FAQ on Direct Action

When will there be opportunities to participate in direct action?

We are hoping Governor Baker will provide the leadership required of him in this moment of crisis. If he does, there will be no opportunities. But we are starting to host trainings, as we anticipate there may be opportunities in the coming months, so please sign up here if you are willing to participate.

Will there be training opportunities and opportunities to speak with attorneys?

Yes. All participants will be required to participate in a training before participating, and we will have attorneys present to help answer questions.

Trainings will be on:

  • Thursday, October 26th, 6:30-9PM Location TBD
  • Saturday, November 4th, 1-5pm Democracy Center, 45 Mt. Auburn Street, Cambridge, MA
  • Sunday, November 12th, 1-5pm Democracy Center, 45 Mt. Auburn Street, Cambridge, MA

Please be sure to register to let us know you're coming!

When do I have to make the final decision about getting arrested?

You are welcome (and encouraged!) to attend a training before you decide. In the action itself, police will usually give a final warning, “if you don’t leave now, you will be arrested,” at which point you can leave without a problem. Beyond that point, you will likely be arrested.

Am I likely to get hurt?

In a traditional direct action like a sit-in, that’s unlikely.  However, if you are physically vulnerable--being cuffed, getting walked to the van, riding in it, and remaining cuffed for up to several hours in the holding cell could be difficult.  And police can sometimes be rough.

What should I think about in deciding to risk arrest?

Medical conditions/meds As above;  plus, if you need regular meds to stay healthy, it’s not a good idea to get arrested--it’s possible you could not bring or get your meds.

Immigration status / other legal issues.  If you are an immigrant or non-citizen,or if you have other warrants or charges pending, you should not participate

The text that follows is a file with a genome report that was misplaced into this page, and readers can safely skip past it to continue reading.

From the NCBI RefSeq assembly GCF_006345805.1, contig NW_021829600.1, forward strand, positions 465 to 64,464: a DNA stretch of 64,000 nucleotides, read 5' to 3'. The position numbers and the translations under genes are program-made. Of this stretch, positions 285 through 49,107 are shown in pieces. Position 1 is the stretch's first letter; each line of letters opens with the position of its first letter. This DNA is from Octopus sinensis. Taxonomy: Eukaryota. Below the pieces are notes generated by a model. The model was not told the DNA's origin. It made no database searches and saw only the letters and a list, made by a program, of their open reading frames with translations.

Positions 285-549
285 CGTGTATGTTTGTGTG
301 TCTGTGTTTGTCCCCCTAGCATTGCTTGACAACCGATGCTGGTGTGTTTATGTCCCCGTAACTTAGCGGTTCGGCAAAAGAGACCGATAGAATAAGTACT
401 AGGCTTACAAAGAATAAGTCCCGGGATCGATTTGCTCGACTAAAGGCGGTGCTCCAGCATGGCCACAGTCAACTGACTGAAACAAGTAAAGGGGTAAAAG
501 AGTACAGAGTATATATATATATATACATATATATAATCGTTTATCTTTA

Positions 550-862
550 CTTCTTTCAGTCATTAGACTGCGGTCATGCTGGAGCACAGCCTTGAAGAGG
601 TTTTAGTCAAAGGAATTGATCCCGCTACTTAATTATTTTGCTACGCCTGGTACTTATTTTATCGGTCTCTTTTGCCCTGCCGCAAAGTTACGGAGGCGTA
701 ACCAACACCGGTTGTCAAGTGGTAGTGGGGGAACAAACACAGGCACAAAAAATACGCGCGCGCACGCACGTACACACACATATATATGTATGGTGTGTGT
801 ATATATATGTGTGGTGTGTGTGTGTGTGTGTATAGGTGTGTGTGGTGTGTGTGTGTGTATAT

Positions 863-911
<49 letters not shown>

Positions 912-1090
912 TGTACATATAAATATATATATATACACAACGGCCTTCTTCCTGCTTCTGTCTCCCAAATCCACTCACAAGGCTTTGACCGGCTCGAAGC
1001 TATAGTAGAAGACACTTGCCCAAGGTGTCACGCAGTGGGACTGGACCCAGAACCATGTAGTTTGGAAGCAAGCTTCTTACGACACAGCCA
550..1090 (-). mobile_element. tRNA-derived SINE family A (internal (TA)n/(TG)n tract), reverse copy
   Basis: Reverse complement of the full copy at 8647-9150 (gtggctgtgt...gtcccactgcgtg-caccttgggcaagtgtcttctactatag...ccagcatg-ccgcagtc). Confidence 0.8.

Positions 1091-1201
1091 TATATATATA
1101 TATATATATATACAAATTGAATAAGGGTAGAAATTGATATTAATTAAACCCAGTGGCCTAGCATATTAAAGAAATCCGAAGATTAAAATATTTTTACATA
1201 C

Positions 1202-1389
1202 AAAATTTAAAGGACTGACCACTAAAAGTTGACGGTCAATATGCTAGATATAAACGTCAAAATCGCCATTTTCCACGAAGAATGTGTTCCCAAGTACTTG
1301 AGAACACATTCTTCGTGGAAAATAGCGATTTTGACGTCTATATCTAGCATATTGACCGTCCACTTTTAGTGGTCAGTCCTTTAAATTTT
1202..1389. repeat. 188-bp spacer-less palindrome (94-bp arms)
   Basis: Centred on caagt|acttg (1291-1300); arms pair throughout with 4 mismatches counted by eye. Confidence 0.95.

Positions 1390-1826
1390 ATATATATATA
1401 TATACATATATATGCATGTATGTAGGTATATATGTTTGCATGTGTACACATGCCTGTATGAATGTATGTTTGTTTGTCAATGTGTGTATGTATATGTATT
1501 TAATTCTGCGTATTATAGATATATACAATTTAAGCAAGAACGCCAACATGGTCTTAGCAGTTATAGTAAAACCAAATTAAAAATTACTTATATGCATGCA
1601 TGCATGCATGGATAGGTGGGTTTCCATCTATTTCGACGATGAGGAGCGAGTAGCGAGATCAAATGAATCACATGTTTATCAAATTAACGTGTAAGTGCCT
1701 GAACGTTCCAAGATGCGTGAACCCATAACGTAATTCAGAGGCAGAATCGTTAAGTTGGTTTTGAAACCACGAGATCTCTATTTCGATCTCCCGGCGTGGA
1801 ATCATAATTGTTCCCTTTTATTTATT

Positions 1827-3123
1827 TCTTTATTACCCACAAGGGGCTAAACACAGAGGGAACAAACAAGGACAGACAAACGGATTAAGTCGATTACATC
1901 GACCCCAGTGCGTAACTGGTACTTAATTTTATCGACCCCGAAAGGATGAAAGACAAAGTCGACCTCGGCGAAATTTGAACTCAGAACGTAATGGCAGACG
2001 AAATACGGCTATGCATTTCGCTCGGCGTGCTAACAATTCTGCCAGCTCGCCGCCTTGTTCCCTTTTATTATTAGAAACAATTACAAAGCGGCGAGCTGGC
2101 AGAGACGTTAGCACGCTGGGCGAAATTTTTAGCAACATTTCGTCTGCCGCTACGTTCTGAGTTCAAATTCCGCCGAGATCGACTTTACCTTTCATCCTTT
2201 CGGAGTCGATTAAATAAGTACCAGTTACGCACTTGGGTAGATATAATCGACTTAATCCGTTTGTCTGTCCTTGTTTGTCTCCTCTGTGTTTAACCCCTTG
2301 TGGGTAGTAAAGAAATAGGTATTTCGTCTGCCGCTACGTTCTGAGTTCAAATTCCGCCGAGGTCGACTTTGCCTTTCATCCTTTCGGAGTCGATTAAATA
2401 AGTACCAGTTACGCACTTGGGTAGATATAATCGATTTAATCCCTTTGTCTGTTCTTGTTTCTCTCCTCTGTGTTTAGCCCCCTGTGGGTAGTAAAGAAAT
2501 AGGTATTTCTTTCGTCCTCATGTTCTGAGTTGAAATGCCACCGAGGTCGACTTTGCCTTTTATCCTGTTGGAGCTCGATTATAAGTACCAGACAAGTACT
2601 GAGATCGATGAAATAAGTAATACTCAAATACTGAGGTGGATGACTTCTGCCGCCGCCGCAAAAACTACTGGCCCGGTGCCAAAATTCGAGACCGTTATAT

Licensure/job implications  If you are a teacher or a licensed professional, think about whether a criminal record (even though unlikely) would put your job or future job prospects at risk. Usually, you have an opportunity to explain why you did, and some employers will look upon a record of principled civil disobedience favorably. Also, the further along in your career that you are, the less likely this is to hurt your career in any way.

Responsibilities at work/home and court appearance(s)  You will probably have to show up in court the weekday following your arrest. This is non-negotiable, so be sure you can get time away from other responsibilities.

Are there things I can do to help the action without risking arrest?

YES:  there are lots of important, non-arrest roles.  We will train you!

Support rally Participate in the regular stand-ins!

Jail support Take someone’s belongings before they are arrested, find out where they are taken, call anyone they asked you to call, be available to bring them home from the station.

Police liaison Be the person who talks to police, explains what we are doing, calms them down, gets needed information.  Usually a more experienced person.

Media spokesperson Be available to speak to any media folks who show up--know how to stay on message.

Legal observer You can be trained to do this.  You do not participate in the action, but you observe and take notes in case questions about who did what arise during court proceedings.

We will discuss all of these items (and more!) at our upcoming Direct Action training sessions on October 26th, November 4th, and November 12th. Please check back soon to register to attend one coming up! Please register for these sessions and signal your interest in participating on the above link.

 


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